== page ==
TOOLS:

  • Your Favorite Concealer: Choose one that is a half shade lighter than your foundation shade. I used Bobbi Brown Face Touch Up Stick because it’s intense enough to apply a thin layer so it won’t crease.
  • Your Favorite Liquid Highlighter: I used the iconic YSL Touche Eclat Radiant Touch in #3 on Alyssa above.

STEPS:

  1. You don’t have to follow the order I chose but I like to start with the inside corner and apply the concealer with a concealer brush or your finger. As we get older, the sides of the nose get darker and more indented/shadowed, so please never skip brightening there! Then continue from there along the undereye as mapped out above.
  2. Switch to the highlighter pen and make dots in the area shown above (above your cheekbone along the eye socket).
  3. Switch back to the concealer stick and apply it directly from the tube or with a concealer brush under the brow wing.
  4. Switch back to the highlighter pen and make dots above the brow as shown above.

5. Blend with your finger or an egg-shaped sponge.

6. Blend by tapping your ring finger along the dots and snapping them against your thumb in between taps to wipe away some of the excess.

7. Blend with your finger or an egg-shaped sponge.

8. Blend with the tap and snap method again like you did in step 6!

A LASHLINE STUDY

Post + Photography by Amy Nadine, Graphic Design by Eunice Chun

Today I’m bringing the spotlight to the lower lashline and the many options we have to define it! So I kept two variables constant (same eye and the same upper eye makeup) in order to really see the difference between six lower lashline applications. They are:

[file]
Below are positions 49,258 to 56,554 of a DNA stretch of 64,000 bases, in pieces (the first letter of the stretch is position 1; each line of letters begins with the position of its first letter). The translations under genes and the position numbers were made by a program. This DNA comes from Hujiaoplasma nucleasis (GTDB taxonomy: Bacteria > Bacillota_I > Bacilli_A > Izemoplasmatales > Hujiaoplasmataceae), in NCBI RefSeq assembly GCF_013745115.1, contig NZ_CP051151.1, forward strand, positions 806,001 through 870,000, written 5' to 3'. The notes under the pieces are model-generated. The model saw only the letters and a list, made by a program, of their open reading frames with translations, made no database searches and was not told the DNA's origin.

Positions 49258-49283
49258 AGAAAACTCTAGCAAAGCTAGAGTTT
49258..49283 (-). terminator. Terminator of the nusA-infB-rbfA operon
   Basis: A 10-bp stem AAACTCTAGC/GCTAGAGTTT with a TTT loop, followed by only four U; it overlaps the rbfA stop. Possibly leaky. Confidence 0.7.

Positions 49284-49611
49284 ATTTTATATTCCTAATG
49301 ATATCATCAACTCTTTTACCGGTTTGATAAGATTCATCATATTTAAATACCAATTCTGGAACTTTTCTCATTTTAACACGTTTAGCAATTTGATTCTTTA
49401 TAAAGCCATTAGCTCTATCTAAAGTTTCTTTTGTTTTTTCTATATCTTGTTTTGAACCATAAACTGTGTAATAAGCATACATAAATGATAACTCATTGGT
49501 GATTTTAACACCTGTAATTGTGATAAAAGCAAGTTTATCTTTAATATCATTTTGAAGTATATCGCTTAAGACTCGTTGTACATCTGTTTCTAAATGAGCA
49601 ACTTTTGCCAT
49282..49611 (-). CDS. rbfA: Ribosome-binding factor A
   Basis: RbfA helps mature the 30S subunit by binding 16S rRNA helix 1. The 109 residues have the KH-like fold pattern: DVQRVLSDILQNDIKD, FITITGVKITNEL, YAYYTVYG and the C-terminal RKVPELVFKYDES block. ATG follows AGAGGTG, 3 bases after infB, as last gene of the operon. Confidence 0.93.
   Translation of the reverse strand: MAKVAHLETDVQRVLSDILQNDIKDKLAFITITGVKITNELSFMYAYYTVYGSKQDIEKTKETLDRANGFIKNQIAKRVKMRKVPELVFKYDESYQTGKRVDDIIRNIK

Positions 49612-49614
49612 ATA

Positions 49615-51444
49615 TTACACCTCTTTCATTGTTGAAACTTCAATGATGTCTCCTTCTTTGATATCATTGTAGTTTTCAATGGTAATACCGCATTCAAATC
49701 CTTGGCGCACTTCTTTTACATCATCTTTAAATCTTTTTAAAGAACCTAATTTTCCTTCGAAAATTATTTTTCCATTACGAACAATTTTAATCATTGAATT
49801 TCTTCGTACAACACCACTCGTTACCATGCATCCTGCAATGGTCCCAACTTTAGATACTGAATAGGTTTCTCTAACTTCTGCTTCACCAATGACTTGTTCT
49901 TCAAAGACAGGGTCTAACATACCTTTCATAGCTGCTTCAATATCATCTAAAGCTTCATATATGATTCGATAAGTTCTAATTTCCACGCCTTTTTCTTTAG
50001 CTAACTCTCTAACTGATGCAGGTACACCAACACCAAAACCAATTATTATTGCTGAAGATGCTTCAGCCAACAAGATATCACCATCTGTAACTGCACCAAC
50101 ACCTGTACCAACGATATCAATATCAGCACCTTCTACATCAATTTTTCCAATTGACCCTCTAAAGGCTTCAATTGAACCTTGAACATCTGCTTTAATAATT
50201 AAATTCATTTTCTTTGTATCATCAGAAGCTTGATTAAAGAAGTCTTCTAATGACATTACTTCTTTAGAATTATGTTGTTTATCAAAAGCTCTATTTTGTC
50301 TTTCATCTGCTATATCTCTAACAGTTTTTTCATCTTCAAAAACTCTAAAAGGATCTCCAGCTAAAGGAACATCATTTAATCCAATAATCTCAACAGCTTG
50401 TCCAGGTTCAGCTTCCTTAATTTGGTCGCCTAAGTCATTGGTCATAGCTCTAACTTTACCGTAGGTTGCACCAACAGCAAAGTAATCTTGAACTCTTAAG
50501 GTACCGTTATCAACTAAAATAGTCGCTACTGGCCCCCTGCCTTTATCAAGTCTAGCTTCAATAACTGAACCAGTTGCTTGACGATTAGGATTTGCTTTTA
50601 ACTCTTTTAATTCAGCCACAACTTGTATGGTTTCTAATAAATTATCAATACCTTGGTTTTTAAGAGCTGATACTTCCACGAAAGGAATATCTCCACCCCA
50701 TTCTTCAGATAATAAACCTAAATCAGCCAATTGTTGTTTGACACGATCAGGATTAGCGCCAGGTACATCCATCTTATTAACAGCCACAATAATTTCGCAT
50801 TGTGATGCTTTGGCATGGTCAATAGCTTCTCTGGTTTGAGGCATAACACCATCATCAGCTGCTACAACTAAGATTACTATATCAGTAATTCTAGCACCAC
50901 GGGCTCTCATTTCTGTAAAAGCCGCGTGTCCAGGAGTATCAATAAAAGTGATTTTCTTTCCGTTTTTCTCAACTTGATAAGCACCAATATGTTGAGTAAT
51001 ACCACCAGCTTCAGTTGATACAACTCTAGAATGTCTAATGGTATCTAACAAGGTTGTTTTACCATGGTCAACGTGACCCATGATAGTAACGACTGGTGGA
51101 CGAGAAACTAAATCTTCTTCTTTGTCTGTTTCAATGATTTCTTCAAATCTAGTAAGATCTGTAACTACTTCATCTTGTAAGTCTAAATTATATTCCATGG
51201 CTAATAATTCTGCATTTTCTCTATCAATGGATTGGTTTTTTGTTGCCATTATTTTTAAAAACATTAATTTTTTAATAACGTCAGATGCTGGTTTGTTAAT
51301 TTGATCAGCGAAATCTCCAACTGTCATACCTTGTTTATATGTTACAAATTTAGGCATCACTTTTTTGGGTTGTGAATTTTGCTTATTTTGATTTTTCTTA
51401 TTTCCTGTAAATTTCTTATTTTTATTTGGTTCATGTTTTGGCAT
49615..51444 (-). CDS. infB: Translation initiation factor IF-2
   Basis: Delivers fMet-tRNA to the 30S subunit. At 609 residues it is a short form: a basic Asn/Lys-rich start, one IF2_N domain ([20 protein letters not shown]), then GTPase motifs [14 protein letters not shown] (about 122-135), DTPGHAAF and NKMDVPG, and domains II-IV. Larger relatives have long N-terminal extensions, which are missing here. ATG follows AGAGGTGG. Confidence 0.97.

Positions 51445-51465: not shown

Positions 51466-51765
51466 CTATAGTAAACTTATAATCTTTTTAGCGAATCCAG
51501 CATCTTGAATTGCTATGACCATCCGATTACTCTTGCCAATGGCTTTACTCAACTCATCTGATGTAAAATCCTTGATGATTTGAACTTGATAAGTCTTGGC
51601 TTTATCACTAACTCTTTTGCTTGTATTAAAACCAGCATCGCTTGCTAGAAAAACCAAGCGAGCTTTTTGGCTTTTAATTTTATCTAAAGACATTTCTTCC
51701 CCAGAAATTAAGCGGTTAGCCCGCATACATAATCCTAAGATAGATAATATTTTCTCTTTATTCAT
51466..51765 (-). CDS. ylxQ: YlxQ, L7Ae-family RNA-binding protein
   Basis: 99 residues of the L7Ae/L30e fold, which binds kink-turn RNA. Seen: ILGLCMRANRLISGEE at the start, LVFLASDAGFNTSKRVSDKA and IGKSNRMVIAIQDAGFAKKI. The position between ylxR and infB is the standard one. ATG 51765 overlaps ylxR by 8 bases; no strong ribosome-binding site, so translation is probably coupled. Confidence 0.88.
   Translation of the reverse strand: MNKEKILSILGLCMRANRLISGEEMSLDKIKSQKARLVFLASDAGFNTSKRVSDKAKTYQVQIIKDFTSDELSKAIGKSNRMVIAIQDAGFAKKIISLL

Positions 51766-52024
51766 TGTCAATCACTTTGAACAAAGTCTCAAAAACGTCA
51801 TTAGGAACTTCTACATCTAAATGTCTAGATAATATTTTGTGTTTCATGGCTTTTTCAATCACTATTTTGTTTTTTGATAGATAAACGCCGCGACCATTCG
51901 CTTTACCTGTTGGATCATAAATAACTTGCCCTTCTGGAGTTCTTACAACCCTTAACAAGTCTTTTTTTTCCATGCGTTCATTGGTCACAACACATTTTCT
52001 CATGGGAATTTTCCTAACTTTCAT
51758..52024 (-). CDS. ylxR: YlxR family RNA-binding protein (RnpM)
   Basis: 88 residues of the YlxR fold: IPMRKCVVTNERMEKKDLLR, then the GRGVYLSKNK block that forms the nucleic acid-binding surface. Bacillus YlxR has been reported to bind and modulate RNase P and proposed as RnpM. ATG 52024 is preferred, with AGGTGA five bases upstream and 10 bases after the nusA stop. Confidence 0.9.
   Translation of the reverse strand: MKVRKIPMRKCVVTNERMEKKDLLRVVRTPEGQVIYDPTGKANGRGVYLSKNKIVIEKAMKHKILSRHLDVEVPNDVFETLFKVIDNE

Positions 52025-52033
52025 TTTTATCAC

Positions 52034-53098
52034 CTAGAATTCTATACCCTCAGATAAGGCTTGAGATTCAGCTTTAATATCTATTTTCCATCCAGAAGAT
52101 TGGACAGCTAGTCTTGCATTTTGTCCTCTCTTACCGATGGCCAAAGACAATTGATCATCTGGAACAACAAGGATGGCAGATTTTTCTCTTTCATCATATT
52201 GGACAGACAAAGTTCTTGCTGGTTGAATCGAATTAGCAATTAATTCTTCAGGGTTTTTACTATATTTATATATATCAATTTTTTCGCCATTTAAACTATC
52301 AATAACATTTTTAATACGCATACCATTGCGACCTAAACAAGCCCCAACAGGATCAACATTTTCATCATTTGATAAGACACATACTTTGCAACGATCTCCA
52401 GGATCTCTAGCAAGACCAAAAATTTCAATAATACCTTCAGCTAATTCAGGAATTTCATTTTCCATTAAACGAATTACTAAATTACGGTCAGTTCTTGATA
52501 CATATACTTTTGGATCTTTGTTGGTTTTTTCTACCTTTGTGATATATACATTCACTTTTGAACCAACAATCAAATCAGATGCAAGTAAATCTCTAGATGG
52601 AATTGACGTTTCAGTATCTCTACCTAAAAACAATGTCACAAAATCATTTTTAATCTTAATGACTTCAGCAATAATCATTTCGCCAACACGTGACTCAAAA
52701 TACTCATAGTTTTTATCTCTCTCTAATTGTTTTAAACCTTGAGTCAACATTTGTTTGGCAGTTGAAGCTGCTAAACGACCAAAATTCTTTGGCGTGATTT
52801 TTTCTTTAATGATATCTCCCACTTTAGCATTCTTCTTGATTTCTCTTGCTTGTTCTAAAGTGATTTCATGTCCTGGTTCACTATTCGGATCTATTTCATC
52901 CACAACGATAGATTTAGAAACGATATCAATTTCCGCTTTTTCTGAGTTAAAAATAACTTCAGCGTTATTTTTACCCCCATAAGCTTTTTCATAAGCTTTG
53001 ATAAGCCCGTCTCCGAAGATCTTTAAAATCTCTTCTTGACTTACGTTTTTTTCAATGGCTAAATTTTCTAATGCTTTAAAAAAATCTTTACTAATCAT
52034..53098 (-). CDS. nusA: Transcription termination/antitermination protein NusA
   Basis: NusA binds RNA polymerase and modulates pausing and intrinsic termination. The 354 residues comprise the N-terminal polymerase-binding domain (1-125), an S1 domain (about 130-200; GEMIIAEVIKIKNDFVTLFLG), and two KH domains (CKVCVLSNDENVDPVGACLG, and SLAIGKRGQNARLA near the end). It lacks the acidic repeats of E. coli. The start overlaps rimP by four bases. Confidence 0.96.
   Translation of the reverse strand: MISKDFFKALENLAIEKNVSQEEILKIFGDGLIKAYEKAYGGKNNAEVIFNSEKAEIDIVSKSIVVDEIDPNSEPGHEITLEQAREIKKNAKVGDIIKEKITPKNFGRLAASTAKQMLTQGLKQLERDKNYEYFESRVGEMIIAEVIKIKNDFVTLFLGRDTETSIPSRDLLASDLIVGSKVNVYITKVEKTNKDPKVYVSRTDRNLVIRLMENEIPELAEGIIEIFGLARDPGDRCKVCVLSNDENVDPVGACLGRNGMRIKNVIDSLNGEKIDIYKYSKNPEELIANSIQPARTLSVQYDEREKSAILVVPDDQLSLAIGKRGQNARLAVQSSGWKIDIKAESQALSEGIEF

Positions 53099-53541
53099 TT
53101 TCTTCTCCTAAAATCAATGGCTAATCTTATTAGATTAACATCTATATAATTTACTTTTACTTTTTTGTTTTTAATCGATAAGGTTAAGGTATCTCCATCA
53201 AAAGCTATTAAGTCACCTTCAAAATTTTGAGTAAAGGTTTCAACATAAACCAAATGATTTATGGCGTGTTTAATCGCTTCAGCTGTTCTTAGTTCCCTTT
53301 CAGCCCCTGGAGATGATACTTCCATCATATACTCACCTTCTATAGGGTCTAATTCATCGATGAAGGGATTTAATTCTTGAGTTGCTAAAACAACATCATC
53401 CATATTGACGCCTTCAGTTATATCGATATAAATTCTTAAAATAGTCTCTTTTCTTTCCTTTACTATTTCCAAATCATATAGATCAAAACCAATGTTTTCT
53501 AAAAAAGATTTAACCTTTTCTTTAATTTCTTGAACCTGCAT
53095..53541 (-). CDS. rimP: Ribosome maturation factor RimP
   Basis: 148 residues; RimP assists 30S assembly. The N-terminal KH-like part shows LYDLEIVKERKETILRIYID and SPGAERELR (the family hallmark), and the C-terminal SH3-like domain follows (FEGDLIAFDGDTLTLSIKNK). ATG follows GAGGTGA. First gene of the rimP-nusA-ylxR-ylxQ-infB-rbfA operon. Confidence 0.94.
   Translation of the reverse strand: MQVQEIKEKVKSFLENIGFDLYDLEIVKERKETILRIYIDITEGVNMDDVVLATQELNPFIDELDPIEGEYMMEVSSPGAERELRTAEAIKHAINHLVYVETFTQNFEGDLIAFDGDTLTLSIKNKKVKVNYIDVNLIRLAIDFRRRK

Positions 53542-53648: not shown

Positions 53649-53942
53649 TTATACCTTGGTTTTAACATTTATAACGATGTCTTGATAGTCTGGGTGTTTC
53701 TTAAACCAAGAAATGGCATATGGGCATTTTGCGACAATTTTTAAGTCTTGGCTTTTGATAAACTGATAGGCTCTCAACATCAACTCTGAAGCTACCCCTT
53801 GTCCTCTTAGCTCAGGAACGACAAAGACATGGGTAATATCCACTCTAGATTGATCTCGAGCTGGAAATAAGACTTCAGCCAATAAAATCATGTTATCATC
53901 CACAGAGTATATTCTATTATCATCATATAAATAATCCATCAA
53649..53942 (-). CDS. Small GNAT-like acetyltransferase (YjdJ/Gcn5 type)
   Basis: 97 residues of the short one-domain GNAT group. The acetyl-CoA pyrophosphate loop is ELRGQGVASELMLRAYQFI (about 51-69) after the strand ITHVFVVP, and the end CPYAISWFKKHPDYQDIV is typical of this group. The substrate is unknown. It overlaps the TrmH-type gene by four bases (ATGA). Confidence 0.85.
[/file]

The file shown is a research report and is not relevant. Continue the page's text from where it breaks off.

• Bare — this is a great choice when you want all of the attention to go to the upper lid makeup (causing a “lifting” effect).
  • Mascara — coat the bottom lashes with a volumizing mascara. This option brings the lower lashes to life with nothing to compete against them.
  • Dotted line — take a velvet black pencil and draw a dot in between the lashes all the way across the lashline. This option makes it appear like you have more lashes than you really do, while also defining the line without anyone knowing you’re defining it.
  • Lined — start at the inner corner and drag the pencil across the lashline to the outer corner. This is the classic choice to define the lower lashline that women have done for decades.
  • Smudged — blend the line with a smudge brush using short strokes incrementally as you work your way across the line. This makes the line a little more “smoked” and less “lined”.
  • Inner Rimmed — gently pull the lower lid down with your finger for better access to the waterline then sweep the pencil back and forth along it until no spaces remain. This option closes up the eyes a little and makes them look smaller BUT makes them look much more intense  and piercing.

It’s nice to see all the options lined up (pun intended!) to really study the different effect each application has. I personally like to switch it up depending on my mood, day v. night, my outfit, etc but I have clients who insist on leaving it bare and others who have to have it inner rimmed… while most are open to whatever balances out the upper lid. I’d love to know what you prefer so please vote below!